This article will benefit high-level leaders and company owners as they evaluate their organizational culture.
It will also benefit leaders and managers at all levels as they seek a new position.
How Do You Feel
How do you want your company (or the one for whom you work) feel to leaders, employees, and customers? Level 5 leadership requires that leaders be selfless and intentional to the tactility of the organization as well as issues such as professionalism, curb appeal, and profits.
What does the outside of your organization look like? It likely communicates a professional business. The professional licenses and certifications of personnel hang neatly on the walls and doors and nametags announce each employee’s official position.
How Do You Look
Many businesses put great emphasis on the outer appearance of their offices, brand identity, business cards, people, and even uniforms.
All of these communicate professionalism with one desired motive of recruiting new employees, managers, and leaders. However, before you accept a position you should look past the curb appeal and the impressive branding.
Perhaps you are an experienced manger seeking a position at another company and you have interviews scheduled for companies abc and xyz. Both positions appear fairly equivalent so how may you differentiate and make a choice?
You must choose, but choose wisely.
Do Your Research
A Google search will tell you mostly good things about the organization but you should learn as much about the company as possible before your interviews.
- You can learn little facts such as how many offices do the businesses have and where are they located?
- Do the locations of their offices suggest anything about the organization that will help you in your interviews?
Employers are often impressed when prospective employees know some details about their company. Yet, this only goes so far in helping you make a good choice.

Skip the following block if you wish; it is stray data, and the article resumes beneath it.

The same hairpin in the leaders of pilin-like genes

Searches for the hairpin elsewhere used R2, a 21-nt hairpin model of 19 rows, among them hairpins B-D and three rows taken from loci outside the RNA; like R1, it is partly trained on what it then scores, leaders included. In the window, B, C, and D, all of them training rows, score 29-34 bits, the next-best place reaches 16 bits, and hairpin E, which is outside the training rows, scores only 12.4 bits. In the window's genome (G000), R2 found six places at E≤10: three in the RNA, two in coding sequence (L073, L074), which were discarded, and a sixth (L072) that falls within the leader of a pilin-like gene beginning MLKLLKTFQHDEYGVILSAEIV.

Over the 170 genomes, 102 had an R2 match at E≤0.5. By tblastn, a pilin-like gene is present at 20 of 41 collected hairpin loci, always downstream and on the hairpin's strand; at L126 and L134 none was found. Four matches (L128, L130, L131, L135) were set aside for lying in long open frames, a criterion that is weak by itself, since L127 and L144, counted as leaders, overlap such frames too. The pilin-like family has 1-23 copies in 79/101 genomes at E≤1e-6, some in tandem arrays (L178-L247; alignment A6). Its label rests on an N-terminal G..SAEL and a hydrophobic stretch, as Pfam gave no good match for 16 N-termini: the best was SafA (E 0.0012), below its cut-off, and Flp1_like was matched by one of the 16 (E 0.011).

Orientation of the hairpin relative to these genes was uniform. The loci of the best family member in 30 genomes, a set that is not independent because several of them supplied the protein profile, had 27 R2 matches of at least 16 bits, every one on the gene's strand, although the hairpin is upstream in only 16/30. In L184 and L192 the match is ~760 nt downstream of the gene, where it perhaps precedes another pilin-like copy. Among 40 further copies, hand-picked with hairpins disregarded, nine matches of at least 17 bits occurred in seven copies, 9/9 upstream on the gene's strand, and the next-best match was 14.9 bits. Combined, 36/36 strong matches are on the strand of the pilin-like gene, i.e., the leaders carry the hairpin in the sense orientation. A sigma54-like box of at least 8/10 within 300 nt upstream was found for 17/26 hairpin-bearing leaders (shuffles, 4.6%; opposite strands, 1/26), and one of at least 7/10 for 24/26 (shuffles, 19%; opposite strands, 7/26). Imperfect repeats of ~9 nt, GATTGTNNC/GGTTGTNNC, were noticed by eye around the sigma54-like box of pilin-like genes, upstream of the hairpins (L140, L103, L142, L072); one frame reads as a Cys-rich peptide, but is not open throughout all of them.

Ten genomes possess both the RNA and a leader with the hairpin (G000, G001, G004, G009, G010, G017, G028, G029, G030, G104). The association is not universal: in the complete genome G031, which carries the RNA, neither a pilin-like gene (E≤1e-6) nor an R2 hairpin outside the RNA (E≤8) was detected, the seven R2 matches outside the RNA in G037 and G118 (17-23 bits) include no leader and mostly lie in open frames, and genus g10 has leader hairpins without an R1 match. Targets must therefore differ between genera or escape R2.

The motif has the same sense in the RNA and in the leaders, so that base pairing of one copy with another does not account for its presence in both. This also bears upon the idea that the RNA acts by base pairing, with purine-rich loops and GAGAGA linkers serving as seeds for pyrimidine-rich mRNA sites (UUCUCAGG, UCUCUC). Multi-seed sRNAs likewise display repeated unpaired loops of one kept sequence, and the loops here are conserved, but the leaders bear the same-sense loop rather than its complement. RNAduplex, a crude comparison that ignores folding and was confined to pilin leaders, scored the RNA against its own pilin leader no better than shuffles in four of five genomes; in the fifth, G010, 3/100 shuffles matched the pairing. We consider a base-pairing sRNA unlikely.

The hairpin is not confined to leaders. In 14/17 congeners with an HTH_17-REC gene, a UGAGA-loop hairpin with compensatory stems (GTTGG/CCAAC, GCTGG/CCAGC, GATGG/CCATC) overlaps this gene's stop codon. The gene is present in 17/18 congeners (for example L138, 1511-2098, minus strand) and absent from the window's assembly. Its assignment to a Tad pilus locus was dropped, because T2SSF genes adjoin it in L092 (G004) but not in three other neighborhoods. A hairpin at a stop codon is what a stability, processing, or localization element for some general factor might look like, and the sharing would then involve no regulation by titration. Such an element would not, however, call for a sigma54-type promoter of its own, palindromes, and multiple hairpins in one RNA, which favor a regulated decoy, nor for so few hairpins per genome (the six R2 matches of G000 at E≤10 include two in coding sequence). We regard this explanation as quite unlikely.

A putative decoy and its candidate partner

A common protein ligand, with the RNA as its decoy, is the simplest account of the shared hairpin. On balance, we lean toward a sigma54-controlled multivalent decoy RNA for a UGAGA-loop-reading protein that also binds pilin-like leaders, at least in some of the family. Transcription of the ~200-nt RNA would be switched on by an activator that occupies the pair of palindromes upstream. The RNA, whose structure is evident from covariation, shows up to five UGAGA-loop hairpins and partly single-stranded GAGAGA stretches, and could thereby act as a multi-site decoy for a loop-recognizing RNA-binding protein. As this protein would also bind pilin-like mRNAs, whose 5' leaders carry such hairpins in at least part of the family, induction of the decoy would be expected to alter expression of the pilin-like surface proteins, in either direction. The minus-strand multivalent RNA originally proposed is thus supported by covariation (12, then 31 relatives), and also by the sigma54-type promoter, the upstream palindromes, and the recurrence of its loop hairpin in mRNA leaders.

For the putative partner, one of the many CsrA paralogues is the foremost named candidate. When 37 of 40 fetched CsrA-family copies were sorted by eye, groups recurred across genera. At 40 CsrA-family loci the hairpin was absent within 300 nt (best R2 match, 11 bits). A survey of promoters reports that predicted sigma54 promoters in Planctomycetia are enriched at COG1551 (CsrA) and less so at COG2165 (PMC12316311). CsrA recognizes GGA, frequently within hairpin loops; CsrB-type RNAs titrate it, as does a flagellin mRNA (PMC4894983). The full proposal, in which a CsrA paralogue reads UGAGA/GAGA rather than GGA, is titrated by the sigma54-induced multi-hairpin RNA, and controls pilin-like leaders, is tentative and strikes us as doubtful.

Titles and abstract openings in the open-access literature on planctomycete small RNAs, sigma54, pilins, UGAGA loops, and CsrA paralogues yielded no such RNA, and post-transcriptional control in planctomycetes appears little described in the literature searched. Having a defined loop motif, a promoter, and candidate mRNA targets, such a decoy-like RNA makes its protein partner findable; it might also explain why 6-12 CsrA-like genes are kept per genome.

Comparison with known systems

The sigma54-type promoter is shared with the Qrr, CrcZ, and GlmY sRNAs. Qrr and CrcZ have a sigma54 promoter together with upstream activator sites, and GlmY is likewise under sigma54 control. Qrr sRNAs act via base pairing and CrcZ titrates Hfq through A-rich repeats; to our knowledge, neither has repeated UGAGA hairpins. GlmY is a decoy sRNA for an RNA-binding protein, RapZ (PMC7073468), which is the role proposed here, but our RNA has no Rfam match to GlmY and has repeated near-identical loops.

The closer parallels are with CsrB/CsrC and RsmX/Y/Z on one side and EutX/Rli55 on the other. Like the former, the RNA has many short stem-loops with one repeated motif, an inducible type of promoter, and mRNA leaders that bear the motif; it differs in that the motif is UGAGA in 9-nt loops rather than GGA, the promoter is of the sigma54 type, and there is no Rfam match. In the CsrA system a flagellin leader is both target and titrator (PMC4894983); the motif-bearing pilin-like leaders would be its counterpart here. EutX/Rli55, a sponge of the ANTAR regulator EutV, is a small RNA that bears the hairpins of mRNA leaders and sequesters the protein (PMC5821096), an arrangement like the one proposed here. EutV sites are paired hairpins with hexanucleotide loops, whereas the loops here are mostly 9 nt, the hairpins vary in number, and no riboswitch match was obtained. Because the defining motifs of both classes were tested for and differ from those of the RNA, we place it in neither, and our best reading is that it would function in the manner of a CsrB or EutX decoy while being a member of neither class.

You need to know about the culture but where can you find the best information?
- What do detail sales people say? If you are a leader in a specific field, then you likely know detail sales people who service the competitor with whom you are interviewing. Detail sales people often know much about the companies they service and may offer useful information without violating any ethical boundaries.
- What do other leaders say? Professional leaders within a geographical area often circulate between competitors and may share valuable information about the cultural feel or tactility of a workplace.
- What do professional associates say? If leaders in your field require certification and continuing education units (CEUs), they may provide helpful information.
12 Questions to Ask
The following questions are not exhaustive and you should probably not ask them of the person doing the interview at your prospective new job.
However, the following questions will put you on the proper investigative path to learn some valuable things about the cultural feel at your probable new workplace.
The answers will help you know whether you truly desire to work there.
- How long has the CEO been in his or her position?
- In the last ten years, how many CEOs have there been?
- If there have been three or more CEOs in ten years, were two or more of them fired?
- Have mid-level managers been promoted from within or recruited from outside the organization?
- What kind of leadership training has the business provided to promoted mid-level managers?
- Do CEOs and upper managers micromanage and control or do they empower and develop leader-makers?
- Is guilt or intimidation used to “motivate” employees to perform?
- Are continuing education and conferences provided equitably to all employees?
- Are employees expected to work through breaks and lunch breaks on a regular basis?
- Are employees treated with respect when they need unplanned personal time off to take care of their children?
- What has been the turnover rate of employees over the previous 5 years?
- Would employees recommend their workplace to their friends?
A Toxic Workplace
A toxic workplace probably points to toxic leadership.
And here is #13:
Are employees’ answers to the 12 questions stifled and censured?
Troubling answers to two or three of the above questions is little cause for concern. However, if a pattern emerges from six or more of the questions, then the work culture is probably toxic. Be warned!
Is there a difference between the reputation you think your organization projects and the opinions of employees, sales, and customers? What are your answers to the 12 questions? What role does your Board of Directors play in the culture of your business? What steps would you take to improve the culture and tactility of your business?
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